Why that alarm clock is making you tired

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sunrise INDEPENDENT NEWSPAPERS It is caused by a mismatch between the body's internal clock  which says we should get up when it becomes light and go to sleep when it gets dark  and the realities of our daily work and social schedules. Picture: Dumisani Sibeko

Snoozing at your desk? Piling on the pounds?

Our hectic lifestyles and demanding jobs have left many of us battling “social jetlag”, researchers say.

The condition has been blamed for everything from sleeping problems to obesity.

It is caused by a mismatch between the body’s internal clock – which says we should get up when it becomes light and go to sleep when it gets dark – and the realities of our daily work and social schedules.

Doctor Till Roenneberg, of the University of Munich in Germany, said: “We have identified a syndrome in modern society that has not been recognised until recently.

“It concerns an increasing discrepancy between the daily timing of the physiological clock and the social clock.

“As a result of this social jetlag, people are chronically sleep-deprived. They are also more likely to smoke and drink more alcohol and caffeine.

“Now, we show that social jetlag also contributes to obesity; the plot that social jetlag is really bad for our health is thickening.”

He explained that every human has a biological clock, but we can’t set the clock like you do with watches.

They are rather regulated by daylight and darkness to provide the optimal window for sleep and waking.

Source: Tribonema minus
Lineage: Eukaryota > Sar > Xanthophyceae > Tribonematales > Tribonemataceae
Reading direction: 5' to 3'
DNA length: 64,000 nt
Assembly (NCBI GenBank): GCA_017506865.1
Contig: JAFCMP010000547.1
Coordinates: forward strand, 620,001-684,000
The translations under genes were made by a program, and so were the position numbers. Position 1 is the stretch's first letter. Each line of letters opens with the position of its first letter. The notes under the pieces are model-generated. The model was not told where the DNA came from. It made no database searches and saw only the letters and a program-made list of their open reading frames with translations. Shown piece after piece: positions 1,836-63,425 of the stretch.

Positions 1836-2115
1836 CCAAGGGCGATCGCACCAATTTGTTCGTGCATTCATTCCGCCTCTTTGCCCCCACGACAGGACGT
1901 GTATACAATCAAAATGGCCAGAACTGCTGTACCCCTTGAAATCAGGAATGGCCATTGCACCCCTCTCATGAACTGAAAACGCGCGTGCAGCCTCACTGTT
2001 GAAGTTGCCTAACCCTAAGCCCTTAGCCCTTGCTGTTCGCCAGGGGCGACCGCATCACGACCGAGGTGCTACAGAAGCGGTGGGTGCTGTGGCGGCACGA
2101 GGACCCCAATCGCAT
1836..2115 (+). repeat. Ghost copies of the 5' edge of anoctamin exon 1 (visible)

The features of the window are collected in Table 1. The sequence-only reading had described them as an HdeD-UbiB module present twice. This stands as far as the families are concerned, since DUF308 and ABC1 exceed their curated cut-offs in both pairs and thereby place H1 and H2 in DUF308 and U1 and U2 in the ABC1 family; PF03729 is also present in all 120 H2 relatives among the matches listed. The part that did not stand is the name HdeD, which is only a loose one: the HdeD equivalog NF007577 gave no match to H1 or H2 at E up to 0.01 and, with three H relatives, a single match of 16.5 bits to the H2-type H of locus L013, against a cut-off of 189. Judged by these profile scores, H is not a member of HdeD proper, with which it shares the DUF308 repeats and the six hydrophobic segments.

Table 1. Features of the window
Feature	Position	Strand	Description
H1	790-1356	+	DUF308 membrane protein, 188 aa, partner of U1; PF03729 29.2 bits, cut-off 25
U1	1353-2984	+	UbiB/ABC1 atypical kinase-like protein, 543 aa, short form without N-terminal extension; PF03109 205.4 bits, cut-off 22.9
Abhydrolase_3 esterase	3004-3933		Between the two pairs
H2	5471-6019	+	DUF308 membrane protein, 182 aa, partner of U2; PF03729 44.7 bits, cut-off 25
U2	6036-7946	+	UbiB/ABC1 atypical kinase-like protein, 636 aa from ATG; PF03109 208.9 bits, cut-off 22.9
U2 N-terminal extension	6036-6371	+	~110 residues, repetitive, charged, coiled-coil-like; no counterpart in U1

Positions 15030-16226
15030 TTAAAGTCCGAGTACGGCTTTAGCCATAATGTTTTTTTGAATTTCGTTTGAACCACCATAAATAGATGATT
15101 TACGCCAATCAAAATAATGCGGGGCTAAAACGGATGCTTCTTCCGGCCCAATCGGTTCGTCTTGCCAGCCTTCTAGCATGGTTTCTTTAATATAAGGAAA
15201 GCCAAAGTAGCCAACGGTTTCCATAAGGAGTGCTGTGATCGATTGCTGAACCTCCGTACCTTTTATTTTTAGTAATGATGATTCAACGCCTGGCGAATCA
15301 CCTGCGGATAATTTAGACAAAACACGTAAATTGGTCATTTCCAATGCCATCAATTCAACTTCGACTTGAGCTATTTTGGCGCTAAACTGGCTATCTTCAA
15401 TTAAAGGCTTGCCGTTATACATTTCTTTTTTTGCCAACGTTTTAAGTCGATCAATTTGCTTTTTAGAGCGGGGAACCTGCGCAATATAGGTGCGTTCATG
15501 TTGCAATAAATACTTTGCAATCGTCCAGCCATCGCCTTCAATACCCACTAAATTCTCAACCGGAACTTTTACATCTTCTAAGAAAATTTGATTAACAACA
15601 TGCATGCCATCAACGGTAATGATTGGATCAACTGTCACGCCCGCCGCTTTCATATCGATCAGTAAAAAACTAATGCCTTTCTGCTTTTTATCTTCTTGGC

Dr Roenneberg said: “In modern society, we listen to those clocks less and less due to the increasing discrepancy between what the body clock tells us and what the boss tells us.”

To find out the scale of the problem, Dr Roenneberg’s team is compiling a vast database on human sleeping and waking behaviour, which they’ll eventually use to produce a world sleep map.

Their analysis shows that people with more severe social jetlag are also more likely to be overweight.

Dr Roenneberg said, in other words, it appears that living “against the clock” may be a factor contributing to the epidemic of obesity.

He said it would help if people began spending more time outdoors in open daylight or at least sitting by a window.

As people fail to do so for one reason or another, their body clocks get set later and later, leaving them awake into the night and tired by day.

Dr Roenneberg added: “Waking up with an alarm clock is a relatively new facet of our lives.

“It simply means that we haven’t slept enough and this is the reason why we are chronically tired.

“Good sleep and enough sleep is not a waste of time but a guarantee for better work performance and more fun with friends and family during off-work times.”

The findings were published online in the journal Current Biology. – Daily Mail

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